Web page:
Book Club: Aarron Walter – Designing For Emotion

UMS Book Club

Play or Download this Episode (Recorded live on 08/24/2012)

Download MP3 (51.68 MB / 00:56:27)

Subscribe to the Show

iTunes / RSS feed

Technical Difficulties: I’m so sorry for the live show breaking down at the very last minute. The service we use to do our live stopped responding right at show time, even though tests 15 minutes prior to going live worked like a champ. My sincere apologies to you guys who tuned in to listen and were let down and also to Aarron for agreeing to do the show and missing out on the live experience.


Aarron Walter

Aarron (@aarron) – Lead user experience designer for MailChimp, you can follow him on his personal website too.

Designing for Emotion – #5 in the A Book Apart series

Questions for Aarron

How did you come to the subject of Emotional Design?

How did you get to write a book for A Book Apart?

Quote from the preface:

“emotional design—which uses psychology and craftsman- ship to create an experience for users that makes them feel like there’s a person, not a machine, at the other end of the connection.”

How do you get beyond the basic needs of a user (usable, reliable, functional) and get to that special place where we get some delight or pleasure out of using that website or app?

“Emotional experiences make a profound imprint on our long-term memory.”

In Chapter 2 – Designing for Humans:

You talk about CONTRAST but not in a black & white sense, you discuss the tumblr sign up page as a good example of contrast. Can you get into that a little for us? what makes it a good example, what things are they doing well with it?

What is Brand contrast?

You also talk about Aesthetics, specifically: “the aesthetic-usability effect. Attractive things actually work better.” – How so?

Chapter 3: Personality

You get into how you don’t like the term HCI Human Computer Interaction and prefer to think about a Human to Human Communication How do you get to this in how you work?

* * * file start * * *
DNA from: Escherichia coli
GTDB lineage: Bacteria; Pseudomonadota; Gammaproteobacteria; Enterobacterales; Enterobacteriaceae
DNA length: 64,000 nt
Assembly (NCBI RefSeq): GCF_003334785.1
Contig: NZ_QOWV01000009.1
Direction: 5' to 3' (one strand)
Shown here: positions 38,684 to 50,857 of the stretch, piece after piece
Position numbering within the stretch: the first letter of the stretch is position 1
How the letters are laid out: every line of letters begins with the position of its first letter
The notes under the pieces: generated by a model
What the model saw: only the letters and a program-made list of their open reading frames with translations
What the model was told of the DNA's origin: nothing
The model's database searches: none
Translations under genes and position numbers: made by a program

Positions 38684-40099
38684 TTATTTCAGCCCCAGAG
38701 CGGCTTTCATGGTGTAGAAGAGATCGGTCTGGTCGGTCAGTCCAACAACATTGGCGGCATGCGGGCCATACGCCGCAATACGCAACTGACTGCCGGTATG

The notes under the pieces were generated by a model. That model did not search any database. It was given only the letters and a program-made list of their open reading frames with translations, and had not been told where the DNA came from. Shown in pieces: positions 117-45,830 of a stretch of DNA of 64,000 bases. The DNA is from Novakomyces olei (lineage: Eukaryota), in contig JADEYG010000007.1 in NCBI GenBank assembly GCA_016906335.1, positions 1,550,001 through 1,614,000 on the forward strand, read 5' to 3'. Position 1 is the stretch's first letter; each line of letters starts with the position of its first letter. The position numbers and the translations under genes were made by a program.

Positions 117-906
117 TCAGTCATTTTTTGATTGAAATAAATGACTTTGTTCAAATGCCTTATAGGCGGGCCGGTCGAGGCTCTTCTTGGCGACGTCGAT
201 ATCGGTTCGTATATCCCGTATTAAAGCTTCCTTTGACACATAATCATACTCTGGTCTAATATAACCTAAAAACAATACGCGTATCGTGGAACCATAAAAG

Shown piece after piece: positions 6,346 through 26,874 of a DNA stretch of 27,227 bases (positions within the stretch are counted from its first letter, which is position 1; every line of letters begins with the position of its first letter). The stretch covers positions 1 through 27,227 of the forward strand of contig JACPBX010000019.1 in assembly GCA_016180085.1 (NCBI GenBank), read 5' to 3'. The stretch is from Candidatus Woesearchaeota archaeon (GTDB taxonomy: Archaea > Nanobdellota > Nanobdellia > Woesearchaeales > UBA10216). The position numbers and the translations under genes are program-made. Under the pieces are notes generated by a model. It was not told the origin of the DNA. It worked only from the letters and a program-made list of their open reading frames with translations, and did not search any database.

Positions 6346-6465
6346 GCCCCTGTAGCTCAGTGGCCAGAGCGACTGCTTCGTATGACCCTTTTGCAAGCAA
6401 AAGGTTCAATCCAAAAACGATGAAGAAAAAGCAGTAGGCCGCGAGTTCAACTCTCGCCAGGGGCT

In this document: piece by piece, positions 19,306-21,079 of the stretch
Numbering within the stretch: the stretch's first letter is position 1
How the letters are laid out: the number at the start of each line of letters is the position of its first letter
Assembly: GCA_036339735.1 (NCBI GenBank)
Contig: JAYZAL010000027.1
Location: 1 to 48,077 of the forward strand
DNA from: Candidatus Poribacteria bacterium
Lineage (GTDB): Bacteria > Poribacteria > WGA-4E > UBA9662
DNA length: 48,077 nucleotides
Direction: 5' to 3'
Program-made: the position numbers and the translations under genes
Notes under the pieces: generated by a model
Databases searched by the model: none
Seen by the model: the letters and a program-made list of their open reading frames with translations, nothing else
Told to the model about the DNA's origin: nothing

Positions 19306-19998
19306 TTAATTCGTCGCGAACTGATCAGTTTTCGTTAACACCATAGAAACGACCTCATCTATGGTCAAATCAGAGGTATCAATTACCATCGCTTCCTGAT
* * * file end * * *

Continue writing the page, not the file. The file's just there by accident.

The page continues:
In the personas section, as far as I can remember, this is the first place I saw the words: “Engagement methods: Surprise and delight” – Mailchimp definitely goes here with it’s interface and Freddie.

Chapter 4: Emotional Engagement

How can we wield “surprise” to create a situation that makes our product or interface memorable. how does it work? Any good examples? You used photojojo in your book.

How about “anticipation” you say it’s the opposite of surprise. How so?

Twitter vs. Facebook

“Allow people to change on their own schedule, and you empower them, diffusing animosity. We’d all rather hear “You may …” instead of “You must ….”

The “primed” the users for the new interface right? Has mailchimp done this with anything in the past?

Chapter 5: Overcoming Obstacles

This chapter is about how we use “good design” or “emotional design” to help people with their “gut decisions” People use instinct or make “gut decisions” on things, like on a signup page design.

How does this work? Does this relate to the “good aesthetics in design” principal?

Jesse James Garrett: (Link to his post)

“I like “user” because it entails direct engagement with what we make.”

Replying to a comment by Square’s founder Jack Dorsey saying he preferred “customer” over “User”. How do you feel about this argument of using the term “users” vs. “customers” or “People”?

Chapter 6: Forgiveness

How do you accrue good will in an interface, app or website? How does it help you in bad times? Any examples? Flickr was a good one you wrote about.

Thanks to Aarron!

Aarron is one of the nicest human beings i’ve ever had the pleasure of talking with, he’s a class act and a true professional.

Go get his book if you haven’t already.


Gene Crawford

With over a decade of experience in the industry he has overseen the design and architecture of hundreds of web sites and applications. An active member in the design community, he's the editor & producer of, the ConvergeSE, ConvergeFL, ConvergeRVA and the Breaking Development conference series.